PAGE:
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Many people have long viewed education and training that don’t count for college credit as moneymaking services that colleges and universities provide outside of their ivory walls.
You can find these courses in the back alleys and hovels of the higher education hierarchy. College and university leaders stride by, often content to glimpse noncredit-bearing courses and programs from the corners of their eyes.
But it is past time they give these courses and programs greater weight, and to make this a reality, we need to know more. A lot more.
From what we know, noncredit courses and programs are focused mainly on preparing students for jobs. They can help adults demonstrate knowledge and skills required by local employers. Some serve workforce needs by allowing colleges to align new offerings to meet the shifting labor market demand of local businesses and industries. And others provide learning adults can apply towards college degrees or short-term credentials.
College leaders, and those who make policies that affect students, are not even sure of the extent of noncredit education and training. That’s because the federal government has never bothered to collect data about it systematically.
Last fall, RTI International, a nonprofit research institute that does work on behalf of the federal government, hosted a technical review panel. The panel’s purpose was to discuss opportunities for improving the usefulness of federal education data. On the table was a proposal to collect more information about noncredit enrollment and activities while also taking into account the burden on institutions that must regularly report to the U.S. Department of Education.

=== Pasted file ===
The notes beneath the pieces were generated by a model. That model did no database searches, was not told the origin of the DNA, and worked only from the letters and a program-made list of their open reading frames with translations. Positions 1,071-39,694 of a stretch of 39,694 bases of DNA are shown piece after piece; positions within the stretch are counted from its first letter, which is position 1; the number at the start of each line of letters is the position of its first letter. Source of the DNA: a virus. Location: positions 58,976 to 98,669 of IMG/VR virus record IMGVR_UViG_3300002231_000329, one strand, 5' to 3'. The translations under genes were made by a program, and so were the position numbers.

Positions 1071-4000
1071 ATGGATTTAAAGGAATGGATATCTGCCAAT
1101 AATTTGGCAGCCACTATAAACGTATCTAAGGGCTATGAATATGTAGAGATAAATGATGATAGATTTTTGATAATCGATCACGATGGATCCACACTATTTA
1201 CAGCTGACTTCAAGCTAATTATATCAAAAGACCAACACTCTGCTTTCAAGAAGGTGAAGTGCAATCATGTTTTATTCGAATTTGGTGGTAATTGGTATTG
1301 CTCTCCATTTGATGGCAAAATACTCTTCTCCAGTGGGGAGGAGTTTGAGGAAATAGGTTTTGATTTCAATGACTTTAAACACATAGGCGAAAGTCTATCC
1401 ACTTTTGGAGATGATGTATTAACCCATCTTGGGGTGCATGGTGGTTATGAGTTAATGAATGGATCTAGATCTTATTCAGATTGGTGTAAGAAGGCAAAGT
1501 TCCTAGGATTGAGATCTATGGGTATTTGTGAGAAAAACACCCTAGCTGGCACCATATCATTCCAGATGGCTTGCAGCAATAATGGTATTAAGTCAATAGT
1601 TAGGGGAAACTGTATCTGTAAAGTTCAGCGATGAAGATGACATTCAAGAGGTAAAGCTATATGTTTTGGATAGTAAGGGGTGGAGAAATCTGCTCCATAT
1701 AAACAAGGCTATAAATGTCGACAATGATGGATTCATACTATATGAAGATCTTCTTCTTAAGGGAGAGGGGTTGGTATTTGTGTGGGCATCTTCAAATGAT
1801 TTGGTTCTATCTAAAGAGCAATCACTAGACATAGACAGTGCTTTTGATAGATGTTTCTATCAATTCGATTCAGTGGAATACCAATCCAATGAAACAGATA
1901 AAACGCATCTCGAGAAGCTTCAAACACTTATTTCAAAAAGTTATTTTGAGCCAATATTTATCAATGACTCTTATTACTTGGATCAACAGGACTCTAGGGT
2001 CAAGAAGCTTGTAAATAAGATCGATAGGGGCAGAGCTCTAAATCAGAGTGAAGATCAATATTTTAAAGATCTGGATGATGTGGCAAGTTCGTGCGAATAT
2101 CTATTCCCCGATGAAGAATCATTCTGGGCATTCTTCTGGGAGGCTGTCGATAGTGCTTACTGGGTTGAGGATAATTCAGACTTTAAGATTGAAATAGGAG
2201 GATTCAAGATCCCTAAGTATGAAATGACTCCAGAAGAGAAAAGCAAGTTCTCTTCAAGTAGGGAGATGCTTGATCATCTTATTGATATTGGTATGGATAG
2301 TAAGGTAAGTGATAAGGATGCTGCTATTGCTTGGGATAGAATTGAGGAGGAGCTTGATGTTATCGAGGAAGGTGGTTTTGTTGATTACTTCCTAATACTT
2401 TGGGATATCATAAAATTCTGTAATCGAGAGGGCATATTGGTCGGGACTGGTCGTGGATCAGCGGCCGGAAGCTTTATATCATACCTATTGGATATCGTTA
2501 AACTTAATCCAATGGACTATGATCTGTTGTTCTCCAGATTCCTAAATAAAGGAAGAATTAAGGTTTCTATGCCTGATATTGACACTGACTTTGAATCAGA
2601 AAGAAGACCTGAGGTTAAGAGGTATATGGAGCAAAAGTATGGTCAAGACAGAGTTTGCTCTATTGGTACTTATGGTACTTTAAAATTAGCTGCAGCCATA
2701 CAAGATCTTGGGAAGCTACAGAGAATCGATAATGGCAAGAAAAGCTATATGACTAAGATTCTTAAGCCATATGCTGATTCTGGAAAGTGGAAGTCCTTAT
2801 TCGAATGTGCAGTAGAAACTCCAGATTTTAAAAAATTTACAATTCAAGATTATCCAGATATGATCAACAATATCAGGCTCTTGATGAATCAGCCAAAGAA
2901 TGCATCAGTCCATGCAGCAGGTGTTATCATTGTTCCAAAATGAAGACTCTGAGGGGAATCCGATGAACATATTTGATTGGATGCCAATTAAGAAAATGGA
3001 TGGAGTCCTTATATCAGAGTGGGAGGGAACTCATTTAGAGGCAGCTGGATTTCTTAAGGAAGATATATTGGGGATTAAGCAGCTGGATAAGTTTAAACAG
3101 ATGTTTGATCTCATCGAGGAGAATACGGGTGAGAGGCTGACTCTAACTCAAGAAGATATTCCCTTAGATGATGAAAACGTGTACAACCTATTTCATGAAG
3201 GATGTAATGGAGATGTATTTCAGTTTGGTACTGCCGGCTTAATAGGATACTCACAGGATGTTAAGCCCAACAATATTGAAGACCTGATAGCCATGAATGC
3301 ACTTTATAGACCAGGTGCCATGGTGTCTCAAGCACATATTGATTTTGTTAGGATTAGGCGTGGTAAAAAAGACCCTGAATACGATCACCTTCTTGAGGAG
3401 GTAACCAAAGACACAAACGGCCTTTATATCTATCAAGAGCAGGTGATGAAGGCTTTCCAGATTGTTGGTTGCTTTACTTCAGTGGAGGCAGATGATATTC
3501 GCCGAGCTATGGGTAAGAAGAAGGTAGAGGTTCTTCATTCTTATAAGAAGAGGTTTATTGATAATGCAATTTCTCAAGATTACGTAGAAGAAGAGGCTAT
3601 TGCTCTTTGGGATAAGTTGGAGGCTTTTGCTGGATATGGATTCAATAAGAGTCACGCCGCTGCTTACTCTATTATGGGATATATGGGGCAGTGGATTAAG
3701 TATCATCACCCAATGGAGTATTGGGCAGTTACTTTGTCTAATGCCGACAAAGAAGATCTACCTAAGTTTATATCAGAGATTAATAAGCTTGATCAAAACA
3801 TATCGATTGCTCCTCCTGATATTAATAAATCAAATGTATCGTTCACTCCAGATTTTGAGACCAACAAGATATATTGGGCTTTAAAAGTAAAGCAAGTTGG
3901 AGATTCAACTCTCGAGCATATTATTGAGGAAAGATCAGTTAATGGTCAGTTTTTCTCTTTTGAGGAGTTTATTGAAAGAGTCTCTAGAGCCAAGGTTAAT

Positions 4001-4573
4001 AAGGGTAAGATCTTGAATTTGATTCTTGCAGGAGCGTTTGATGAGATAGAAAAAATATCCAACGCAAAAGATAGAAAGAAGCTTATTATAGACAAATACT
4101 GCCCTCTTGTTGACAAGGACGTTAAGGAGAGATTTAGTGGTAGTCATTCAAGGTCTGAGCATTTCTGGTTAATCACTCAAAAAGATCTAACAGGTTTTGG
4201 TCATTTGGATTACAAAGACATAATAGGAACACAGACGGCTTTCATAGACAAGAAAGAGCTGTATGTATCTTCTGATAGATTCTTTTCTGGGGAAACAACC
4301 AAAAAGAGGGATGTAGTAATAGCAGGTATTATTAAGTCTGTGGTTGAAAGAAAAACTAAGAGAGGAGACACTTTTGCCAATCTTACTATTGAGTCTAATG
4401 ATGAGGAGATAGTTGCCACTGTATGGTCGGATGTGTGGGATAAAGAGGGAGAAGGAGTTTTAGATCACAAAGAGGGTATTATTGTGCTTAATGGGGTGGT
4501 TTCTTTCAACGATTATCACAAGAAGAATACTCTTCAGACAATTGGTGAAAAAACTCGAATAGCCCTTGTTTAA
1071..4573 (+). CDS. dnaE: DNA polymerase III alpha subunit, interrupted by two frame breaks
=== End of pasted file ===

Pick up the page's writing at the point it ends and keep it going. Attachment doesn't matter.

For the uninitiated, IPEDS is the Integrated Postsecondary Education Data System run by the National Center for Education Statistics, a unit within the Education Department. IPEDS is the primary source for information about U.S. colleges, universities, and technical and vocational institutions; its existence allows us to make informed decisions on behalf of today’s students.
In my new role with Lumina Foundation, I have offered comments on the technical review panel summary. Here’s what stands out to me:
The COVID pandemic has highlighted a dire need to help Americans train—and retrain—for today’s jobs. It is imperative that we take a moment to look at noncredit courses and programs directly. We need to understand better what these courses can contribute to individual social mobility and our collective prosperity.Back to News